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Google Buildout Unplugs College Radio

We've all heard about backhoes taking out fiber-optic networks. This time, the fiber-optic gods got their revenge and cut some copper lines.

Contractors working on the Google (Nasdaq: GOOG) fiber-to-the-home deployment at Stanford University inadvertently took college radio station KZSU-FM off the air for a few hours last Wednesday, severing some of the copper pairs that link the on-campus studio to the transmitter up in the hills. No transmitter, no radio.

The cable's location was apparently unmarked, so Google's contractor can't really be blamed for the incident. (Likewise, we're not trying to say Google intentionally took out a radio station.)

What actually got hit was a conduit holding cables not just for KZSU, but for other Stanford-related uses, too. The handful of fiber-optic lines in the conduit survived, as did dozens of copper pairs. But as luck would have it, the copper lines that got severed included those that carry KZSU's programming signal.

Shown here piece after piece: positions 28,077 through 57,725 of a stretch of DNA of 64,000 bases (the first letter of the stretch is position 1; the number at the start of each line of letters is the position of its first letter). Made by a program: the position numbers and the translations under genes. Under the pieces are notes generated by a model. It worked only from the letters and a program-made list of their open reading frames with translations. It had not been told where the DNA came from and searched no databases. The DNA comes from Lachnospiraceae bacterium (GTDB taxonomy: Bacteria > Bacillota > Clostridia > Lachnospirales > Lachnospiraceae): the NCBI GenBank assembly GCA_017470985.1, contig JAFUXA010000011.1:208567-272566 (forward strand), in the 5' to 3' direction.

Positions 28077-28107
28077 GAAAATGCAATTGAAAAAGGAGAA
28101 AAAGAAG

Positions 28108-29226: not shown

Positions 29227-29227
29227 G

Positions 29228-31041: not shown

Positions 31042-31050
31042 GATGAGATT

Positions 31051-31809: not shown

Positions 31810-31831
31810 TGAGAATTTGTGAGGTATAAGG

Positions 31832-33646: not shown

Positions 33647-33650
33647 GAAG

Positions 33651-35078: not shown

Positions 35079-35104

KZSU knew the transmitter had stopped working but initially didn't know why. When it started looking like cable damage was to blame, KZSU Chief Engineer Mark Lawrence resorted to the classic high-tech approach of getting in his car and driving around, following the approximate route of the cable. "Once I locate a big yellow machine, I know the cable fault will be within 10 meters of that spot. Never fails," he writes in an email to Light Reading.

Lawrence managed to fix things up using the surviving copper pairs. In the meantime, KZSU continued broadcasting on its Web feed.

— Craig Matsumoto, West Coast Editor, Light Reading

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